(Last Updated on : 29/06/2013)
As the 'Peacock Flower Tree' has a lot of similarity with the Gul Mohr tree, the village people make a mistake very often in differentiating these two trees. The tree is named as 'Caesalpinia Pulcherrima' in science. The name 'Caesalpinia' honours a 16th C. botanist and philosopher Andrea Caesalpini and 'Pulcherrima' means the "most beautiful". It derived from the famous family of 'Leguminosae' and its sub family is 'Caesalpineae'. The tree is very common and famous in India and hence got a name in almost every language that is spoken in India. In Hindi
, it is called as 'Kunish Churin'. The Bengali
people know it as 'Krishna Chura' and 'Radha Chura'. The tree is named as 'Komri' in Tamil. It is also known as 'Barbados Pride' in English.
The form and growth of this nice shrub are quite unlike the other tree and the flowers. The flowers of this tree are smaller in size and are grouped differently. Nobody can justify its native country, but it was about 1680 that this tree was recorded as growing in the gardens of India. At present, the 'Peacock Flower Tree' is popular in all of the tropical and sub-tropical countries. The other variety of the tree, the pure yellow and bright orange-red coloured types are equally popular. People like the bright and exciting colours of these flowers. It is considered as the showiest of the forty odd species of 'Caesalpinia'.
This tree can rise up to 25 m and its low branches form an open and spreading bush. The foliage of this tree is clear green and feathery and remains topped with broad spires of blossoms practically throughout the year. The bark is pale in colour and downy. It is often marked with blackish spots and also armed with solid prickles. These prickles rise from round protuberance. The young branches of the 'Peacock Flower Tree' are smooth and green coloured. The leaves are large and bear long stems. They are bi-pinnate and they grow opposite at wide intervals. They also bear twelve to eighteen pinnas. Each of the pinnas bears from twenty to forty little, oblong leaflets. The leaflets have very slightly lobed ends. They are smooth and dull and the underside is significantly paler.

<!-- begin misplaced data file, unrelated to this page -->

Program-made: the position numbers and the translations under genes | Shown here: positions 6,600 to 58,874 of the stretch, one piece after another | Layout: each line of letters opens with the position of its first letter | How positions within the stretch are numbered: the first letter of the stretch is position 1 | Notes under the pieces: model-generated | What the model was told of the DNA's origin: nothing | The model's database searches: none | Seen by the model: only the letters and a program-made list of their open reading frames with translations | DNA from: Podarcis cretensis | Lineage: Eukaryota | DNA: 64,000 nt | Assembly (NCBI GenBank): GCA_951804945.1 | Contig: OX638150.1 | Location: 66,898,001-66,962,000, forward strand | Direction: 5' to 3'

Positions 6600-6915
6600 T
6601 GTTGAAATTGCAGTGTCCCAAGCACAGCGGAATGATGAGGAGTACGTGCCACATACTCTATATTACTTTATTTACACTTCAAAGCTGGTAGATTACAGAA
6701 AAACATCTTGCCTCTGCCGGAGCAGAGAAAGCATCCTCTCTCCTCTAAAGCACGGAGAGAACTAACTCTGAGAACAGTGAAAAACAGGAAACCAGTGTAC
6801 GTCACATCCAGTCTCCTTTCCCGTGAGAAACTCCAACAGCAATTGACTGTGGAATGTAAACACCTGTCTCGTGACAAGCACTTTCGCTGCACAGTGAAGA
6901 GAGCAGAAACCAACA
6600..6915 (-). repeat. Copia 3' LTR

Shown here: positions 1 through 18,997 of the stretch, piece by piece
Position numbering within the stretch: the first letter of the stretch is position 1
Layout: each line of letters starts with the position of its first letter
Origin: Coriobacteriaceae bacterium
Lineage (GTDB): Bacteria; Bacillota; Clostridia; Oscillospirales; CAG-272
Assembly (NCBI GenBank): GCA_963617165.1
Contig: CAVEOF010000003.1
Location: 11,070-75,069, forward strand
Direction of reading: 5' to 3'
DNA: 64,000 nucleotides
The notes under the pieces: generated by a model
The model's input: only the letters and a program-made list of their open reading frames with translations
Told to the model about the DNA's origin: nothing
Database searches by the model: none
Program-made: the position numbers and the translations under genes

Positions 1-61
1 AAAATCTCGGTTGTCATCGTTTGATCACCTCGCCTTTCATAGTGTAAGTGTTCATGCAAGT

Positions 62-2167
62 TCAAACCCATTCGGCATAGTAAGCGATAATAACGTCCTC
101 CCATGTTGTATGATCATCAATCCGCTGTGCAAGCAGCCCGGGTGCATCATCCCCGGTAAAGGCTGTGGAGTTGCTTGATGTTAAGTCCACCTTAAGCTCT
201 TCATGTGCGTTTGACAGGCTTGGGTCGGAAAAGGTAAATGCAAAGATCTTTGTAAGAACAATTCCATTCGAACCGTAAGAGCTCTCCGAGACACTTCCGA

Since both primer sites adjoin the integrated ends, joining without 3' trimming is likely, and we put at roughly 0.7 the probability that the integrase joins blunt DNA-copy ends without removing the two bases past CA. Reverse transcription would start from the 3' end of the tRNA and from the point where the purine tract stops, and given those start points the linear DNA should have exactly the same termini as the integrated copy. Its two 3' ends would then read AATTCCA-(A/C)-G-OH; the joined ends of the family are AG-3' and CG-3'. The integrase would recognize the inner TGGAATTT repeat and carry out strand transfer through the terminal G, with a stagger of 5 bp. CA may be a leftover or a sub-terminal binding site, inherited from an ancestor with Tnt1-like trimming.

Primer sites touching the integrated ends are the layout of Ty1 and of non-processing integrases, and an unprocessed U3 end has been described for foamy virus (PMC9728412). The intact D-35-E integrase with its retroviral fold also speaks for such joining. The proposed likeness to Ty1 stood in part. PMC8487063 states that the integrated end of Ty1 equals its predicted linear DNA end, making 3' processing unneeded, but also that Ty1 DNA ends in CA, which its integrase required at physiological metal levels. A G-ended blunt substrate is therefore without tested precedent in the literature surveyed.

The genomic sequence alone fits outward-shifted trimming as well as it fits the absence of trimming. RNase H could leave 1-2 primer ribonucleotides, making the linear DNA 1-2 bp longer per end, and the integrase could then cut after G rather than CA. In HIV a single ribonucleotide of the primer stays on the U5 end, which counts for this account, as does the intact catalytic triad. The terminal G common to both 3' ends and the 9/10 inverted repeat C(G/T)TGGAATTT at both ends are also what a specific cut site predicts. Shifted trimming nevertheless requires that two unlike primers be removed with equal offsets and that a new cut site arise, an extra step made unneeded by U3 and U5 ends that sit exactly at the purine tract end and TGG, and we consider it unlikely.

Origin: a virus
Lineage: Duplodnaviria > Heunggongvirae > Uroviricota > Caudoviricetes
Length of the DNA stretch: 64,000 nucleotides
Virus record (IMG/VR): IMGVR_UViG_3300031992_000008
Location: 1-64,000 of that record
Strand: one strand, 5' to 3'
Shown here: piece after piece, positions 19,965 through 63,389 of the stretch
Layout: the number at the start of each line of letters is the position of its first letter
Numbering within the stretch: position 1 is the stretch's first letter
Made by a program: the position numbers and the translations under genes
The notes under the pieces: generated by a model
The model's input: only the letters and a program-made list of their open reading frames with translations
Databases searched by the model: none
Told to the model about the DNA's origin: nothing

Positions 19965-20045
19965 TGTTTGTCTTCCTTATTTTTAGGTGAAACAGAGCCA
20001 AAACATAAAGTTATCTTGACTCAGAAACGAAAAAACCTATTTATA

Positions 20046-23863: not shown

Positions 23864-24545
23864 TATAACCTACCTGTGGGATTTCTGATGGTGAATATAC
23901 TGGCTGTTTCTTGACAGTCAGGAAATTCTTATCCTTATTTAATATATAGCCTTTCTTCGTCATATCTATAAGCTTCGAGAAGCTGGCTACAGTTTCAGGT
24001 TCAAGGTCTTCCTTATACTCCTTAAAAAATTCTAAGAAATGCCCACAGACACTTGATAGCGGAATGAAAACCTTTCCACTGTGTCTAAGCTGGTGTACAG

The larger sprays of flowers appear at the ends of the branches and they are often sub-divided into smaller sprays. Their shapes of the buds are like eggs and they are borne on long, slim stems along with the open flowers. In the red variety of the 'Peacock Flower Tree', the edged flowers are of orange red in colour and also marked with deep yellow. With the course of time, they become completely red. The flowers bear five spoon-shaped petals and amongst them, one is smaller in size and shaped differently. However, all of them have wrinkled edges. The calyx is red and orange coloured and it has five long lobes. The lobes spread out to show between the petals. Ten very long stamens give the sprays a whiskery appearance. They are red coloured in the red flowers and yellow in the yellow variety. The flowers are strangely curled and twisted on opening.
The pods of the tree are straight and slim and about 7.5 cm in length. As the legends connect the 'Peacock Flower Tree' with God Shiva
, all the Hindus think it as very much sacrosanct. All parts of the tree have some kind of medicinal uses. The leaves are taken as a replacement for senna and they are an efficient purgative as well. It is also claimed that as a fomentation they can heal wounds. The roots are considered to be a bit poisonous, but like many other poisons, it can also be applied as a tonic if taken in suitably small quantities. People make ink from the burnt wood as well. The 'Peacock Flower Tree' produces a great quantity of seeds and you can find the self-sown seedlings quite frequently. The tree starts flowering when its only eight months old and it is amazingly drought resisting. The characteristic of pruning regularly after flowering helps it to avoid becoming messy.